A few years ago while working through a running injury a friend told me about turmeric. My injury involved inflammation and they told me that turmeric had anti-inflammatory properties.
I had been dealing with my injury with ibuprofen, ice and compression. It’s not good to take the maximum daily dose of ibuprofen for weeks on end, so I decided to check out their suggestion.
What is turmeric?
Turmeric is a plant in the ginger family that produces the signature yellow turmeric spice. It has been used in Asia for thousands of years. It was first used as a dye, and later for its medicinal properties. Turmeric curcumin has been used for over 4,000 years and has recently gained popularity in The West for its natural health properties. 1
The product my friend recommended as a good source of turmeric was Tumeric – elixir of life. It was available in 12 and 32 oz bottles at Wholefoods.
I don’t think that Tumeric – elixir of life is still on the market. It didn’t show up in a Google search but lots of articles on and reviews of turmeric curcumin supplements did.
The substance in turmeric that gives it it’s healthful qualities is curcumin.
Curcumin is a polyphenol found in turmeric which provides the color and healthy properties of turmeric.
Polyphenols are antioxidants found in many foods. Antioxidants help fight free radicals which are chemicals that have the potential to cause damage to cells and tissues in the body.
Free Radicals are the natural byproducts of chemical processes, such as metabolism. Free Radicals can also be created by exposure to substances in our environment including the food we eat.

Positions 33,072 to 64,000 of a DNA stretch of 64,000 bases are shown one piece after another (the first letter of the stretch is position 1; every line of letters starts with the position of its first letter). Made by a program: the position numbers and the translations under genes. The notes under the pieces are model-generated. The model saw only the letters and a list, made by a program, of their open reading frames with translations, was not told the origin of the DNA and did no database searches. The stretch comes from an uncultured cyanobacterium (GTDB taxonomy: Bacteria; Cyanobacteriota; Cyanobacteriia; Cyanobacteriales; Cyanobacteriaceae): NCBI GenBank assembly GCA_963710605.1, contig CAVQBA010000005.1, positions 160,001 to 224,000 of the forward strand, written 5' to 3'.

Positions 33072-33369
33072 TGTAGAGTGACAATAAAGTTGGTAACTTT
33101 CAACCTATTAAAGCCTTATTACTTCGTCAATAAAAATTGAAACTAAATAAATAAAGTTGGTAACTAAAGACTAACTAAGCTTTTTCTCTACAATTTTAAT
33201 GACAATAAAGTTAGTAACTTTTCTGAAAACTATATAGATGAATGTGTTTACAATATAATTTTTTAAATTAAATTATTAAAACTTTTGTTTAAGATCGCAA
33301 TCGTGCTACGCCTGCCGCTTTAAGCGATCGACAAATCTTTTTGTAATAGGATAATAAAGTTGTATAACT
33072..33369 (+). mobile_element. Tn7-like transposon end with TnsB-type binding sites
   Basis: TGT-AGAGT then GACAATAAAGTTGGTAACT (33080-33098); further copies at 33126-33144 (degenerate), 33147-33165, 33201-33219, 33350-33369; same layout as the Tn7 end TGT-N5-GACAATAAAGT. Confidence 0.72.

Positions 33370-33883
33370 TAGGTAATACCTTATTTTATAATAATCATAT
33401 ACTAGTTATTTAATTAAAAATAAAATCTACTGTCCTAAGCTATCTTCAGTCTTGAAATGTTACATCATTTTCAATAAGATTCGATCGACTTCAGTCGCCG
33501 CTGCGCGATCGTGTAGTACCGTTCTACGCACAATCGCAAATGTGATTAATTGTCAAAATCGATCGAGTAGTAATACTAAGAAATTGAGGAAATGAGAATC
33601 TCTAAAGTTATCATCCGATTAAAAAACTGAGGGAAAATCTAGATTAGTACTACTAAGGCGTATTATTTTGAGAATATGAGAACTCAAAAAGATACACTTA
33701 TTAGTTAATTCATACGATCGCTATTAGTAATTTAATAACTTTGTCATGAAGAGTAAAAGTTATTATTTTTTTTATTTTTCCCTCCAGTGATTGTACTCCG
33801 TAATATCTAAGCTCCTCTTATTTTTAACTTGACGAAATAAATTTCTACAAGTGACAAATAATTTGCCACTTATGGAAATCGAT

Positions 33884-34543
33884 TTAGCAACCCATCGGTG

Free radicals and exercise
According to an article in Biochemical Society Transactions, intense aerobic exercise can induce oxidative stress. Burning fuel in high-intensity cardio exercise causes chemical reactions that make free radicals form at a faster rate. This isn’t an excuse to skip the gym, however. According to an article in the American Journal of Clinical Nutrition, frequent exercise training seems to reduce the oxidative stress initially brought on by exercise. This is because regular physical exercise enhances antioxidant defenses.
Spurred by the concern that intense exercise could cause oxidative stress, several studies were conducted to look at the effects of antioxidant supplementation for athletes. The American Journal of Clinical Nutrition article said that supplementing high intensity exercise with antioxidant supplements produced no beneficial effects, however. Regular exercise alone was enough to build up antioxidant defenses against the initial exercise-induced oxidative stress. 2
While curcumin may not reduce free radicals while exercising, it is still beneficial in recovery.
A 2007 book The Molecular Targets and Therapeutic Uses of Curcumin in Health and Disease reviewed 1500 papers published over the past 50 years. Some of these articles discussed the anti-inflammatory properties of curcumin among other pharmacological applications. 3
So there is scientific research showing the anti-inflammatory properties of turmeric curcumin. From my personal experience I feel that this natural product does work.